Another question is how to present this program to the workers. It is more a pedagogical task and question of terminology in presenting the actual situation to the workers. Politics must be adapted to the productive forces, that is, the high development of the productive forces, the paralyzing of these productive forces by capitalist forms of property, the increasing unemployment which is becoming deeper and deeper —the greatest social plague. The productive forces cannot develop any longer. Scientific technology develops, but the material forces are declining. It signifies that society becomes poorer and poorer, the number of unemployed greater and greater. The misery of the masses deepens, the difficulties become greater and greater for the bourgeoisie and the workers; the bourgeoisie has no other solution except fascism, and the deepening of the crisis will force the bourgeoisie to abolish the remnants of democracy and replace them with fascism. The American proletariat will be punished for their lack of cohesion, willpower, courage, by a fascist school for twenty or thirty years. With an iron whip the bourgeoisie will teach the American workers their tasks. America is only a tremendous repetition of European experience. We must understand this.
This is serious, comrades. It is the perspective for the American workers. After the victory of Hitler when Trotsky wrote a pamphlet, Whither France? the French Social-Democrats laughed. “France is not Germany.” But before the victory of Hitler he wrote pamphlets warning the German workers and the Social-Democrats laughed, “Germany is different from Italy.” They paid no attention. Now France comes nearer each day to a fascist regime. The same is absolutely true for the United States. America is fat. This fat from the past permits Roosevelt his experiments, but this is only for a time. The general situation is totally analogous; the danger is the same. It is a fact that the American working class has a petty bourgeois spirit, lacks revolutionary solidarity, is used to a high standard of life, and the mentality of the American working class corresponds not to the realities of today but to the memories of yesterday.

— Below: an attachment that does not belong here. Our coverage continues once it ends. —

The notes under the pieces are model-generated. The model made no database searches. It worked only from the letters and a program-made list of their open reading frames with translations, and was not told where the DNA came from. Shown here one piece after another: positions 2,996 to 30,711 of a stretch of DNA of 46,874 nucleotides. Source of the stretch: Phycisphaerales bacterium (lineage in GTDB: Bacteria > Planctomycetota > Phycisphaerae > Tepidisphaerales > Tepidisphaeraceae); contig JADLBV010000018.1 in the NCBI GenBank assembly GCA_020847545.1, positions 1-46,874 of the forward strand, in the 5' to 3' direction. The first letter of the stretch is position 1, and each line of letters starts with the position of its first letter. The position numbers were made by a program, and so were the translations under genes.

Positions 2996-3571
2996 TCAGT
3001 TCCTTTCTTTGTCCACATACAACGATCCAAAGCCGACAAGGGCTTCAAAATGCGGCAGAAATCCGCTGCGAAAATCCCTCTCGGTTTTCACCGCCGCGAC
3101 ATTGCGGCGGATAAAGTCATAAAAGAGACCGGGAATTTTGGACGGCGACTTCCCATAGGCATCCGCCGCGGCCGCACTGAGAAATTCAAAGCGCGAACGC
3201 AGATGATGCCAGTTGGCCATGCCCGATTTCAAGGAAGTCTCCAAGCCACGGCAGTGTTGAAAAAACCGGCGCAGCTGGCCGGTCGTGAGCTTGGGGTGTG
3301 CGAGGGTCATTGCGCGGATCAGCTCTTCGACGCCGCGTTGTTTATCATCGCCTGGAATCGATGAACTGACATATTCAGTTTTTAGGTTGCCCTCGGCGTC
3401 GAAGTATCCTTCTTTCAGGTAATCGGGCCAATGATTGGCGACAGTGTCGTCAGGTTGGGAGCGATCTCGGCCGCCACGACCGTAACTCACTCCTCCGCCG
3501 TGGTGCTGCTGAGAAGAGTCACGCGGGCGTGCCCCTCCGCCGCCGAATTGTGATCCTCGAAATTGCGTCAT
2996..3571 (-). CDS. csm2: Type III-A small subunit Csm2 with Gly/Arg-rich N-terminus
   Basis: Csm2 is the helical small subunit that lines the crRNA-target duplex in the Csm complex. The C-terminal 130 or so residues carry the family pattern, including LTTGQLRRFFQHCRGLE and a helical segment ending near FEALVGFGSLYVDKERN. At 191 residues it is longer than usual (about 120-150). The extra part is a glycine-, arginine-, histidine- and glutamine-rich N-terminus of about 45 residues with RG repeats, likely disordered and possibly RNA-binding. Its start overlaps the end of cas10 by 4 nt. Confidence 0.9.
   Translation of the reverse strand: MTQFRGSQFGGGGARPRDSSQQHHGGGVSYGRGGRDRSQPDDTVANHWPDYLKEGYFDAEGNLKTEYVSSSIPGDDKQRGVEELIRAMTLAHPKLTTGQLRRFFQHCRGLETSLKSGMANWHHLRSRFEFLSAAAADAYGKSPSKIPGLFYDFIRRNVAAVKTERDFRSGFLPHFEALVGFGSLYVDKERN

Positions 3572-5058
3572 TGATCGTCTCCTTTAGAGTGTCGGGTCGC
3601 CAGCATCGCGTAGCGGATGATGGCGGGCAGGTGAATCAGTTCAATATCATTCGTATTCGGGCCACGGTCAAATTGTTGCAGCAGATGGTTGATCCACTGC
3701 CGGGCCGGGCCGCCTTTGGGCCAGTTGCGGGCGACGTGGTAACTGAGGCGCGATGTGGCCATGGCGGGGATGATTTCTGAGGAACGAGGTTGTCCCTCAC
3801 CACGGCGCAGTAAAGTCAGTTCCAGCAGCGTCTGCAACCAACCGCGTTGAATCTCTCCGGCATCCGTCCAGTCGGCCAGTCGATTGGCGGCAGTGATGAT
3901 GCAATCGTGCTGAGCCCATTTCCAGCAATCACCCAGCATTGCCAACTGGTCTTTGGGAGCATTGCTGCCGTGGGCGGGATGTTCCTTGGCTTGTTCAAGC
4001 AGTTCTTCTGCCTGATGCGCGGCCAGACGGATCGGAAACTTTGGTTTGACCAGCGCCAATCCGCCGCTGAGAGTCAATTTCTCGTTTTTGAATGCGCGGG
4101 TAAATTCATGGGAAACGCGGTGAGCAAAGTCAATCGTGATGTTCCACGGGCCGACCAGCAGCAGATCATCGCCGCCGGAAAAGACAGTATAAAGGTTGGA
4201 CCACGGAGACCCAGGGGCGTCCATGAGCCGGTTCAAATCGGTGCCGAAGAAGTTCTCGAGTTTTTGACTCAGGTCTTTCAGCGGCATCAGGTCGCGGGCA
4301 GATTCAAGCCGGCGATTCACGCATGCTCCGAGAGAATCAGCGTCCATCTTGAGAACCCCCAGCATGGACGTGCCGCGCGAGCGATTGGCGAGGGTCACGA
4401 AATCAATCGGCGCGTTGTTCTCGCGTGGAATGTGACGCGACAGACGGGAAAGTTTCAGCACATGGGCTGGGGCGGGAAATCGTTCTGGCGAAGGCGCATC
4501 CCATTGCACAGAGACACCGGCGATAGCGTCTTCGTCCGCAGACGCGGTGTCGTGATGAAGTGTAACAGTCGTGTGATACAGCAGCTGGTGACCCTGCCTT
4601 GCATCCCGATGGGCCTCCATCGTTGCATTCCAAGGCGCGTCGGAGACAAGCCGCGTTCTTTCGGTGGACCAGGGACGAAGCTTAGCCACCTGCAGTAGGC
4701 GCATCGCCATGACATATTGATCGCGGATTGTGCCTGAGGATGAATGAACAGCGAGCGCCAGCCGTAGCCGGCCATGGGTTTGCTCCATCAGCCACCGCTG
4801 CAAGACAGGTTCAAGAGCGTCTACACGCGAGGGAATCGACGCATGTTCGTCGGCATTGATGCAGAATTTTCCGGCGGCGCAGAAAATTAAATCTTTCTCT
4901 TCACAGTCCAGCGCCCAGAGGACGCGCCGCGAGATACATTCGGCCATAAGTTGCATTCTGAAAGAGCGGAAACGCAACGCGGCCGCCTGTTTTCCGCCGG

Now the situation is radically changed. What can a revolutionary party do in this situation? In the first line give a clear honest picture of the objective situation, of the historic tasks which flow from this situation irrespective as to whether or not the workers are today ripe for this. Our tasks don’t depend on the mentality of the workers. The task is to develop the mentality of the workers. That is what the program should formulate and present before the advanced workers. Some will say: good, the program is a scientific program; it corresponds to the objective situation — but if the workers won’t accept this program, it will be sterile. Possibly. But this signifies only that the workers will be crushed since the crisis can’t be solved any other way but by the socialist revolution. If the American worker will not accept the program in time he will be forced to accept the program of fascism. And when we appear with our program before the working class we cannot give any guarantees that they will accept our program. We cannot take responsibility for this ... we can only take the responsibility for ourselves.